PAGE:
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Wisconsin man opens fire at salon, killing three

Radcliffe Franklin Haughton’s wife worked at the salon. Four people were injured during the rampage.

Radcliffe Franklin Haughton, 45, of Brown Deer, Wisconsin
Radcliffe Franklin Haughton, 45, of Brown Deer, Wisconsin
Image: Brookfield Police Dept

A WISCONSIN MAN accused of opening fire at the salon where his wife worked, killing three women and wounding four others, had a history of domestic abuse, with allegations that he had slashed his wife’s tires a few weeks earlier, police said.

Radcliffe Franklin Haughton damaged his wife’s tires on 4 October, Brookfield police said. She sought court protection four days later, and a judge granted a four-year restraining order on Thursday. As part of the order, Haughton was prohibited from owning a firearm.

Weapons

Brookfield Police Chief Dan Tushaus said at a press conference:

I can tell you we’re not seeking additional suspects. The community can feel safe.

The shootings set off a confusing, six-hour search for the gunman that locked down a nearby mall, a country club adjacent to the spa and the hospital where the survivors were taken. The search froze activity in a commercial area in Brookfield, a middle-to-upper class community west of Milwaukee, for much of the day.

Ultimately, Haughton was found dead in the spa after killing himself.

Authorities said it would take time to sort out exactly what happened, and emphasised they were still interviewing witnesses and rescuers and didn’t have a firm timeline of events. At Sunday’s news conference, Brookfield Mayor Steve Ponto called the shootings “a senseless act on the part of one person.”

The chaos started around 11 am at the Azana Day Spa, a two-story, 9,000-square-foot building across from a major shopping mall. The first officers on the scene found the building filled with smoke from a fire authorities believe was set by Haughton, 45, of Brown Deer, Tushaus said.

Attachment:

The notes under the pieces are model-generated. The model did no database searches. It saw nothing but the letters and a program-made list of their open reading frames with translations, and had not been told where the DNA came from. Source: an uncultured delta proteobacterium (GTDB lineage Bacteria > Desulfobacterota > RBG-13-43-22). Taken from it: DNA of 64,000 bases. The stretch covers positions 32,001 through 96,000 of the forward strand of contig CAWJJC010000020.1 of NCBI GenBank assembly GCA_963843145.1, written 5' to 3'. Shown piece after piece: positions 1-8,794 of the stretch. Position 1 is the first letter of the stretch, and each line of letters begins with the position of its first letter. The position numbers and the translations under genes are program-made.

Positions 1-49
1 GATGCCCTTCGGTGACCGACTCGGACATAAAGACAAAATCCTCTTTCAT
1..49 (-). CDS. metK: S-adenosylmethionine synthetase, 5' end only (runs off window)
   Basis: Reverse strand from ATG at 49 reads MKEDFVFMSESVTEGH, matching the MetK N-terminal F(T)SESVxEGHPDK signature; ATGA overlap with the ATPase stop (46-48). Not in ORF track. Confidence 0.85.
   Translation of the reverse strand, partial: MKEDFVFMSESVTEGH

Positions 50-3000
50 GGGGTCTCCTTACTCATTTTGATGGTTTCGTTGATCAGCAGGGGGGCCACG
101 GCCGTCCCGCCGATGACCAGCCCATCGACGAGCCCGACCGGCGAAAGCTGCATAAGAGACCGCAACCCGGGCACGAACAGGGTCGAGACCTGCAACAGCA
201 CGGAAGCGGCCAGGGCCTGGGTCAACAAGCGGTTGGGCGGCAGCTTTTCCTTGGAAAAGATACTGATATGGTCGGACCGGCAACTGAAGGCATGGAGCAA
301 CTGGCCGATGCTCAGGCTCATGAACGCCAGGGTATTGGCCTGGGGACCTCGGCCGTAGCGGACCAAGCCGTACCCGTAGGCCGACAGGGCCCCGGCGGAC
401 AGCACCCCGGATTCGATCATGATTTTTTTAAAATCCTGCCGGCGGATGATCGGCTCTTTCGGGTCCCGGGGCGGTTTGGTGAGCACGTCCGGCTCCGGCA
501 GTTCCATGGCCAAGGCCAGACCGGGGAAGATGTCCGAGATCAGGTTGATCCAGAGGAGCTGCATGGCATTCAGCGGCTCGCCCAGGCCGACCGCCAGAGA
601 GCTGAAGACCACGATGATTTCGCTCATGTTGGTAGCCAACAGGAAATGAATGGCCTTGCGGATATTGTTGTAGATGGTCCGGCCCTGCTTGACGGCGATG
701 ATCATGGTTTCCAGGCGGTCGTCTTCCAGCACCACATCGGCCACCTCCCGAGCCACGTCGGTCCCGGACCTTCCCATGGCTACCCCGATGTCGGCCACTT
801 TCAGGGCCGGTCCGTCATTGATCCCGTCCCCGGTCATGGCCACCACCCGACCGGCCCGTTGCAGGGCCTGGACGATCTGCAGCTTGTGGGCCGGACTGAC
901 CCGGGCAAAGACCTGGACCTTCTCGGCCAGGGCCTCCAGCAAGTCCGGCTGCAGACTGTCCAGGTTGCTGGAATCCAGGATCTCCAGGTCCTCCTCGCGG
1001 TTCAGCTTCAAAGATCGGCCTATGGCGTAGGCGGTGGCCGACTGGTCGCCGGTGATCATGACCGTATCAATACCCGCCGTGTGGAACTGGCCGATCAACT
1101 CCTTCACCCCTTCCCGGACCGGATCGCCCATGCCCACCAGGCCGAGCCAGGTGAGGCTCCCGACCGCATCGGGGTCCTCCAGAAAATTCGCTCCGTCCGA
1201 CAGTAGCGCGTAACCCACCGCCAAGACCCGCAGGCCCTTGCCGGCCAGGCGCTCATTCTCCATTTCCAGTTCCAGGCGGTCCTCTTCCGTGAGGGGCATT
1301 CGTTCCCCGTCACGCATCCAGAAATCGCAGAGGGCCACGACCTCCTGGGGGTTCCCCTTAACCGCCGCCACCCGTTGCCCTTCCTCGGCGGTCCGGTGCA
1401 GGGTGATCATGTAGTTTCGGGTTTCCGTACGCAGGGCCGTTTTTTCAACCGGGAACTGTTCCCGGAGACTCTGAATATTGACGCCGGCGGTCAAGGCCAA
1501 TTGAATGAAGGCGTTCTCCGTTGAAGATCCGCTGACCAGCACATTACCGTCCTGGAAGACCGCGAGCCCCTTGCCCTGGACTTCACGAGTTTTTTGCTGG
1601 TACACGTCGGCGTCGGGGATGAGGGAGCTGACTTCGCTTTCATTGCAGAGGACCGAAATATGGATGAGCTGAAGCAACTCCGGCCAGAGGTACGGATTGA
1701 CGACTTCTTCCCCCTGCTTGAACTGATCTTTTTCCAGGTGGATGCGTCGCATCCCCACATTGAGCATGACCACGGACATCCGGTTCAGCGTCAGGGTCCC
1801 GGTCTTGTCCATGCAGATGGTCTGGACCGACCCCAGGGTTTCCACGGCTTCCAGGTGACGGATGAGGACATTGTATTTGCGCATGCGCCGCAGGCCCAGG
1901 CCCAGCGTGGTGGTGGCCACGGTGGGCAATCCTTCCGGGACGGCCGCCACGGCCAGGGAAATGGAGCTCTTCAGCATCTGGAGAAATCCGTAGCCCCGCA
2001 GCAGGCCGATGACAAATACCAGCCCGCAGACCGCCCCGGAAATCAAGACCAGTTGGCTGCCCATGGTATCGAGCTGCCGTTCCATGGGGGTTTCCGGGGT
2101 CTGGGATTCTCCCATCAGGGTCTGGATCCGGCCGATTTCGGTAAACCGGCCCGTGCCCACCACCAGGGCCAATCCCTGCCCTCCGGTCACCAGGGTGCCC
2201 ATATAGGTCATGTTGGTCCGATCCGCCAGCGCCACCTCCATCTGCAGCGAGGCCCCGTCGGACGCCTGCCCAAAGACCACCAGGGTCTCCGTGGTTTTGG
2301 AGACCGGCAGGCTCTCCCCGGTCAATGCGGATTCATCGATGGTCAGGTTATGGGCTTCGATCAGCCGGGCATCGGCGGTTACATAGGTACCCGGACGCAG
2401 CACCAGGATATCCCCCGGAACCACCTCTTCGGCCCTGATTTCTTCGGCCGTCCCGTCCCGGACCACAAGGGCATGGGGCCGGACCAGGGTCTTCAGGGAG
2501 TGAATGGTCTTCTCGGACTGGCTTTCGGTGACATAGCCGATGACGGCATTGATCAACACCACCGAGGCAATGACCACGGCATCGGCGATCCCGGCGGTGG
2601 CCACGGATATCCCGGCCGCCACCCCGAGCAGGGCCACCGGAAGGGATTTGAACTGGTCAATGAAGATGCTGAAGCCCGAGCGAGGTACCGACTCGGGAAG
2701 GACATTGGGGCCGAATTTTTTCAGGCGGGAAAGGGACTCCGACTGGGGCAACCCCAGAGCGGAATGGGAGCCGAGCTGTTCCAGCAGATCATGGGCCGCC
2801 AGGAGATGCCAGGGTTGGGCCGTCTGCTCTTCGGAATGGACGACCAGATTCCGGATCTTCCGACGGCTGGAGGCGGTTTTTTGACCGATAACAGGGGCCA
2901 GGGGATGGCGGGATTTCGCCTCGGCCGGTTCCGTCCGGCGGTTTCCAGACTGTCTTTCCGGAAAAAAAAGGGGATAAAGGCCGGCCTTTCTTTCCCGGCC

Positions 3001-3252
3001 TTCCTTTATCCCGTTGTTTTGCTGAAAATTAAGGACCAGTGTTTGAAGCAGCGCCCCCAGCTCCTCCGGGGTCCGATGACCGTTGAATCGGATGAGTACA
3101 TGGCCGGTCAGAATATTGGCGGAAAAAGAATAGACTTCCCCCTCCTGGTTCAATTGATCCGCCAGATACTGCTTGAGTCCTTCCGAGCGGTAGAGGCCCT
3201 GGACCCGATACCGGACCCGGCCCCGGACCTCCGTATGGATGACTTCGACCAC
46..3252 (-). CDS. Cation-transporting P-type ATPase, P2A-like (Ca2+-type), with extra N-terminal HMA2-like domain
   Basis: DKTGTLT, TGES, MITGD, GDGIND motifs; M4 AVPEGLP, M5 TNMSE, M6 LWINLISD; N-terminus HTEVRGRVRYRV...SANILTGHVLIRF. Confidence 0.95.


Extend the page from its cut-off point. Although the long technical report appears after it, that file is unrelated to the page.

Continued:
They also found a 1-pound propane tank they initially thought might be an improvised explosive device, Tushaus said. That slowed the search of the building as law enforcement agents waited for a bomb squad to clear the scene.

Tushaus said later that police didn’t know whether the gunman brought the propane tank to the spa or whether a contractor left it.

The search was also complicated by the layout of the building, with numerous small treatment rooms and several locked areas, Tushaus said. While officers initially thought the gunman had fled the building, they later found his body in one of the locked areas, he said.

Survivors

The bodies of the victims were also found in the spa. Tushaus said investigators were still working to identify them. He said the four survivors were between the ages of 22 and 40. He didn’t know if they were employees at the spa or customers, and it wasn’t clear if the man’s wife was among the victims.

Haughton had recently been arrested after witnesses identified him as the person who slashed his wife’s tires, police said.

A witness, David Gosh of nearby West Allis, told the Milwaukee Journal Sentinel he was returning from duck hunting with his father and a friend when he saw a woman emerge from the spa, screaming, as she ran into traffic.

“She ran right out into the street and was pounding on cars,” Gosh told the newspaper. Moments later, a man with a handgun ran out. He appeared to be chasing the woman but then went back inside, Gosh said.

At the hospital where the victims were taken, staff members were escorted inside during a temporary lockdown. Officers were stationed at entrances, and critically injured patients were admitted with a police escort.

The hospital released a statement saying two women had undergone surgery, and one was in critical condition. Another was expected to have surgery last night.

Mass shooting

It was the second mass shooting in Wisconsin this year. Wade Michael Page, a 40-year-old Army veteran and white supremacist, killed six people and injured three others before fatally shooting himself 5 August at a Sikh temple south of Milwaukee.

Sunday’s shooting took place less than a mile from where seven people were killed and four wounded on March 12, 2005, when a gunman opened fire at a Living Church of God service held at a hotel.

Read: Sikh temple shooter ‘encouraged other white supremacists’>

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